is placed, or at the time of the call. are not in the same geographic area as the proxy server, any proxy
server has to be able to translate any caller location to the
appropriate PSAP. (A traveler may, for example, accidentally or
intentionally configure its home proxy server as its outbound proxy
server, even while far away from home.)
The problem at hand is more difficult to resolve than that for The problem at hand is more difficult to resolve than that for
traditional web or email services. In this case, the emergency traditional web or email services. In this case, the emergency
caller only dialed an emergency identifier, and depending on the caller only dialed an emergency identifier, and depending on the
location, any one of several thousand PSAPs around the world could be location, any one of several thousand PSAPs around the world could be
appropriate PSAP. In addition, the caller probably does not care appropriate PSAP. In addition, there may be a finer resolution of
which specific PSAP answers the call, but rather that it be an routing (which the caller isn't aware of), which results in a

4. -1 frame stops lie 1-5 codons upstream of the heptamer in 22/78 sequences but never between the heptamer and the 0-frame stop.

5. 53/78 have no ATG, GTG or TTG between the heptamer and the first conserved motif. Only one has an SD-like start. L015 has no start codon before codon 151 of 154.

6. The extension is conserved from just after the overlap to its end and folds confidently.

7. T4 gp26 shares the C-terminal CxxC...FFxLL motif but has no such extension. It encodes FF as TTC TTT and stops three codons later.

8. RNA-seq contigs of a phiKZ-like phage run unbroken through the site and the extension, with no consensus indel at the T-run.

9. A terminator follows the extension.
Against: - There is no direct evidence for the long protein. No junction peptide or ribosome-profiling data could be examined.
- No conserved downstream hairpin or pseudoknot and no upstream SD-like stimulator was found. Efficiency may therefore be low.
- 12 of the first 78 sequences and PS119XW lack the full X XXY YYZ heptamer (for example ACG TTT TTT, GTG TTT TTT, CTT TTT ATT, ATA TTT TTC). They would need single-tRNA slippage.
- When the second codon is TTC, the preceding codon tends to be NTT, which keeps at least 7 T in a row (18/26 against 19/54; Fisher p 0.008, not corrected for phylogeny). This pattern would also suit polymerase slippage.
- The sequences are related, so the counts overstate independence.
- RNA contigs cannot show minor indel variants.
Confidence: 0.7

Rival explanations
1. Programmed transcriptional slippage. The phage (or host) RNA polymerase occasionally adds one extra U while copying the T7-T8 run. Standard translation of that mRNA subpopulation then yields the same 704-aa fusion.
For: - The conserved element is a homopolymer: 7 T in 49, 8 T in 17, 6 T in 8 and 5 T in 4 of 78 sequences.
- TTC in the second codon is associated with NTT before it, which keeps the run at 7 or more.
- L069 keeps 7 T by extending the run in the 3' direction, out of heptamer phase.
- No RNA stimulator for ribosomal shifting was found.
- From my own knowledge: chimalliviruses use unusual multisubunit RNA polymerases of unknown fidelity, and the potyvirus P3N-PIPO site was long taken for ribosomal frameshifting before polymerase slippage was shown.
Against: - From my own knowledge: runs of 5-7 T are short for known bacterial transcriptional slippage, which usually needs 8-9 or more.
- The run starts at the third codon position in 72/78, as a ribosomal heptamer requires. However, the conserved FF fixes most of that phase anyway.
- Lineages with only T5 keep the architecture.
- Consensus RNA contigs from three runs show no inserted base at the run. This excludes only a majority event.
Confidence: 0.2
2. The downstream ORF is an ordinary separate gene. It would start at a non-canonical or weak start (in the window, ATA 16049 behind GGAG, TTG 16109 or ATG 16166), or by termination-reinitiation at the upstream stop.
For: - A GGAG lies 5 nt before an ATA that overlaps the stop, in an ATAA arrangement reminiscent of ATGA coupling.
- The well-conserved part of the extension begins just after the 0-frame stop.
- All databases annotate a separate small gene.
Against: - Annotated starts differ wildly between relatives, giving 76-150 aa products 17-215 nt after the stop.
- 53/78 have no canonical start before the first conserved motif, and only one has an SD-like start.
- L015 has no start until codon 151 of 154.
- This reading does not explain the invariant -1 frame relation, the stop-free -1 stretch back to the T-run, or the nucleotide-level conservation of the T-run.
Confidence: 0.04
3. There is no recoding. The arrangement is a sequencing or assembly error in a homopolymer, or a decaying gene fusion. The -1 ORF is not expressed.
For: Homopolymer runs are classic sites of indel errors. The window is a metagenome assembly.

accredited PSAP, e.g. one run by the local government authorities. particular "accredited" PSAP (i.e. one run by local authorities)
(Many PSAPs are run by private entities. For example, universities answering to call. (Many PSAPs are run by private entities. For
and corporations with large campuses often have their own emergency example, universities and corporations with large campuses often have
response centers.) their own emergency response centers.)
I1. Appropriate PSAP: Calls MUST be routed to the PSAP responsible Ma1. Appropriate PSAP: Calls MUST be routed to the PSAP responsible
for this particular geographic area. for this particular geographic area. In particular, the location
determination should not be fooled by the location of IP telephony
gateways or dial-in lines into a corporate LAN (and dispatch
emergency help to the gateway or campus, rather than the caller),
multi-site LANs and similar arrangements.
Motivation: In particular, the location determination should not Motivation: Routing to the wrong PSAP will result in delays in
be fooled by the location of IP telephony gateways or dial-in handling emergencies as calls are redirected, and result in
lines into a corporate LAN (and dispatch emergency help to the inefficient use of PSAP resources at the initial point of contact.
gateway or campus, rather than the caller), multi-site LANs and
similar arrangements.